The United States announced that it will not allow students to remain in the country if all the classes are moved online due to the Coronavirus pandemic.
Some of the key takeaways from this announcement -
International students will have to leave the USA if all the classes are moved online or transfer to a university offering in-person classes.
International students will have to take at least some classes in-person.
New visas will not be issued to students enrolled in universities that are offering all their classes online.
Students enrolled in colleges offering a mix of in-person and online classes will be barred from attending all their classes online.
Students won’t be exempt from the rules even if an outbreak forces the schools/universities to switch to online teaching during the fall term.
What will be the impact of this announcement?
This announcement is sure to create a lot of confusion among the international student body. There are several US universities that are yet to announce their Fall 2020 plans for the classes. This announcement will either force them or provide an incentive to reopen for in-person classes while also maintaining a safe and secure environment for the students.
Some universities like Havard and the University of Southern California had previously announced that classes will be hosted primarily or exclusively online.
However, there is a strong backlash to the announcement by the American Council on Education, who termed the new guidelines as “horrifying”. Even the international student group NAFSA criticized the move and said the guideline “is harmful to international students and puts their health and well-being and that of the entire higher education community at risk”.
The international student community will have to wait and watch how the situation unfolds.
An update was published on The Economic Times, 8th July 2020 stating the US visa relaxations for foreign students.
Key takeaways from the news -
Temporary modifications are made in F-1 and M-1 nonimmigrant visa requirements, which will allow students to attend a mixture of online and in-person classes to meet requirements of the visa.
This temporary adjustment is made to allow students to continue their education in the USA, while also allowing for proper social distancing on open and operating campuses across America.
International students will still have to obtain an appropriate visa & may still be subject to other visa processing or travel restrictions.
We will keep updating this section as and when the announcements are made.
In compliance with the rules by the US Government, US universities have decided to conduct classes in a hybrid model to accommodate international students. According to the new ICE rules, announced on 6 July 2020, international students will have to attend a university offering in-person classes or transfer to a university offering both, remote and on-campus learning to maintain their student visa status. Many universities are formulating their Fall 2020 plans after the announcement. For example, Harvard Business School has decided against the fully online MBA program for Fall 2020 and will implement the hybrid model. Columbia University has also reached out to all its international students that it is analyzing the situation and working to implement the rules.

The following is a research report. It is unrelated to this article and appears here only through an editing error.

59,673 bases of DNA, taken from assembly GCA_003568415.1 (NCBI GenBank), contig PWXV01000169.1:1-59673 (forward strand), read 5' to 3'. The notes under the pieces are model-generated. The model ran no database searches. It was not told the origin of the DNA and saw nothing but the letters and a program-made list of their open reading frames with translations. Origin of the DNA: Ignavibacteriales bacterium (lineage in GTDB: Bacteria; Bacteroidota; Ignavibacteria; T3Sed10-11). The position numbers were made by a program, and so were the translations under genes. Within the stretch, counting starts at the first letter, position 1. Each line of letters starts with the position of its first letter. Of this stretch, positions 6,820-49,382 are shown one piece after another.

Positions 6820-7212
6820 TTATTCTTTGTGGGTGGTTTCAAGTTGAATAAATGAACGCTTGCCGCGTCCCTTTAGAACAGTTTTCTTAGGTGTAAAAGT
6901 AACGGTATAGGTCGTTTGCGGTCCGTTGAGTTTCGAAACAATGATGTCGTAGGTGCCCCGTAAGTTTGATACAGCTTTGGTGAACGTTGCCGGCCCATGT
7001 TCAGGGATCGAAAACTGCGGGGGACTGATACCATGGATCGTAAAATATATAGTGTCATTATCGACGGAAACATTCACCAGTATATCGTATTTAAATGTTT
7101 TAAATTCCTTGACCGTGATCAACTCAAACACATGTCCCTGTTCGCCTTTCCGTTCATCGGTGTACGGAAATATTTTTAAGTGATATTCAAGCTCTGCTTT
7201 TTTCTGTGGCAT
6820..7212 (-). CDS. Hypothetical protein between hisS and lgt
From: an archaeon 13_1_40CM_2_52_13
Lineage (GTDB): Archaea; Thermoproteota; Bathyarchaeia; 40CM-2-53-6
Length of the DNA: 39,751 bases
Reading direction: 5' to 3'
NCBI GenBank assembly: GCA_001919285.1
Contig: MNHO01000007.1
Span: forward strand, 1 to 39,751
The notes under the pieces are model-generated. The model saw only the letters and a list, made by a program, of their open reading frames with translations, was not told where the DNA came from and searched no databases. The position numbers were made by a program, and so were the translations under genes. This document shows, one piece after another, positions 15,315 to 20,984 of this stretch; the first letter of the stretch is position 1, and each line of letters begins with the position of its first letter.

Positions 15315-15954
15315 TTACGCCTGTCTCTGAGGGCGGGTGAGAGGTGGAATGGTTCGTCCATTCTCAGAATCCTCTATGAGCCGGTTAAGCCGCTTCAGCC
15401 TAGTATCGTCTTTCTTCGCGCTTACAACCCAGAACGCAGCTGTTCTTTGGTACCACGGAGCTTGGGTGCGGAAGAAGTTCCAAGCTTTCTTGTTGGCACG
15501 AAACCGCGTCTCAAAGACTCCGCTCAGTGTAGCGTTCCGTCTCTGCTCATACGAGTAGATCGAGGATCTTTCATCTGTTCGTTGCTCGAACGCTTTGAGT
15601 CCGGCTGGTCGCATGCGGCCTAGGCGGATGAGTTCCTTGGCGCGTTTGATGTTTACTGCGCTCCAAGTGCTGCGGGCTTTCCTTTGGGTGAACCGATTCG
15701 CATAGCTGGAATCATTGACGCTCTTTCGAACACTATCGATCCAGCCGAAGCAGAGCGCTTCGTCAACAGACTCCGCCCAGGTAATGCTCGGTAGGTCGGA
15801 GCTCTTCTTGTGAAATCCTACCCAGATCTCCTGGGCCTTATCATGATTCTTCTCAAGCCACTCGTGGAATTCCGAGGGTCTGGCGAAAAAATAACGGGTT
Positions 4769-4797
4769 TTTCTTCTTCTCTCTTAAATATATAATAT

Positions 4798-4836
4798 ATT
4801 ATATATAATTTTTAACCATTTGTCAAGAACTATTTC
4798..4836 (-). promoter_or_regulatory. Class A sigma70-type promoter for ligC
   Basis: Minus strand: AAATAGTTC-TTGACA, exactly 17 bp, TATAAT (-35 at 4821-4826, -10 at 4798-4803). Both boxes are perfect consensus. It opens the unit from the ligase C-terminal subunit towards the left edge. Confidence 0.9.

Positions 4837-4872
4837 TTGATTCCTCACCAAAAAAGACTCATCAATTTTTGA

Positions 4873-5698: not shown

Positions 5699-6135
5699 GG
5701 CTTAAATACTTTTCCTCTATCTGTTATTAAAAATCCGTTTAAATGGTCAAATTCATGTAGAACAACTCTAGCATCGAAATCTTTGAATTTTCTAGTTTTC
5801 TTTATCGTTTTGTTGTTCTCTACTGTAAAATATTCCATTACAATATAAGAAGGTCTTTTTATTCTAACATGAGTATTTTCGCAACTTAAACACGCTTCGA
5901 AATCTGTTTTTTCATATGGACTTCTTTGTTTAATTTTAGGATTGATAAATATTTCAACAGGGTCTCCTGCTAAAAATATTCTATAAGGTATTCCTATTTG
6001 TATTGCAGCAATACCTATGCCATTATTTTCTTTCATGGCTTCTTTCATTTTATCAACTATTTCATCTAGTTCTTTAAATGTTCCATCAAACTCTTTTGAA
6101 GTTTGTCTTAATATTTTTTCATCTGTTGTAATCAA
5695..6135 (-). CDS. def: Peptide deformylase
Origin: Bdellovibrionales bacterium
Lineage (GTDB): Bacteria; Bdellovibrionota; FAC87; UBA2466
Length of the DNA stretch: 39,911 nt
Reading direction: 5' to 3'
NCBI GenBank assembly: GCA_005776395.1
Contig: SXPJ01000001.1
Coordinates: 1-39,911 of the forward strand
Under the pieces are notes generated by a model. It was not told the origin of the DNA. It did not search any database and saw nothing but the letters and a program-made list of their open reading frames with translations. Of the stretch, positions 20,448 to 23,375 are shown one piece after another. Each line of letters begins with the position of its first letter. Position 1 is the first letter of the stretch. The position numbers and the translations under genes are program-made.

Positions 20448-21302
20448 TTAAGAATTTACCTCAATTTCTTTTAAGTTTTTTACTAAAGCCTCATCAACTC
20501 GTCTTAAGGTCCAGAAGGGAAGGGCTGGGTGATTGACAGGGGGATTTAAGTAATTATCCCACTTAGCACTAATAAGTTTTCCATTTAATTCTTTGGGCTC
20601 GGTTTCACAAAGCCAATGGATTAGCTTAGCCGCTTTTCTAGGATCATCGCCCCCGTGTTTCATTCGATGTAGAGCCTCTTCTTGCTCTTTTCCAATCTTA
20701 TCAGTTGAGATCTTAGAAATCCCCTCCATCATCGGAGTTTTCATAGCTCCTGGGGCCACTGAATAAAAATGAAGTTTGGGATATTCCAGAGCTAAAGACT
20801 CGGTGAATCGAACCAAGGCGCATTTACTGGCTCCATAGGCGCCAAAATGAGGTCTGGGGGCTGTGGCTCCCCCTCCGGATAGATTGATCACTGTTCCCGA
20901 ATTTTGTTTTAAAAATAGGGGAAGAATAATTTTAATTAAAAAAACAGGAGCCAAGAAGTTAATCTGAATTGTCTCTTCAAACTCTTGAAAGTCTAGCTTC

Consequently, international students will have to attend a university that offers a hybrid model of teaching to maintain their student visa status.
On 15 July 2020, the US government agreed to rescind the Immigration and Customs Enforcement’s new rules for international students. The ICE guidelines were updated just a week ago, which stated that international students will have to attend in-person classes to maintain their student visa status. Harvard University and MIT joined by many other higher education institutes had approached the US court to reverse the rule.
With the rule reversed, international students can now remain in the US even if the university adopts an online mode of teaching for Fall 2020.
What will be the effect of banning H1B visa on us??
The effect of the ban will depend where you are in your abroad education journey.
The ban of H-1B visa is temporary, effective from June 24 to December 31 2020.
The effect of the ban will largely be on IT companies and professionals as they will have to wait till the end of the year to approach for visa. It will also effect the professionals who are seeking a renewal of their visa.
As for the students - Students who are in their final year of OPT or students who are graduating this year are expected to be impacted indirectly as there are dwindling job prospects. However, technically, their visa status has not changed.They can continue to study and work under the OPT.
Impact on the students changing visa - The ban will also not impact the students who are currently in the US and awaiting a change in visa status under the H-1 cap.
For students who are aiming for Fall 2020 or later sessions, it shouldn’t make much of a difference as mentioned before, it is a temporary move and will not be in effect by the time students graduate. However, you can always defer your admission to Spring 2021 or Fall 2021.
Watch this video -
Hope this helps.
I think it’s a temporary thing and we should wait for the US elections to be over. Those who have recently graduated from any US university or institute can apply for OPT and wait for the abolishment of the current H1B visa suspension. Those who already have an H1B visa and are in the US need not worry.
The students who are planning to go to study in the US can also defer the session and try to make their profile stronger. Keep in mind that the suspension has been temporarily posed as of now. Also, if you have kept the US as your primary choice, keep other countries as your backup options as well.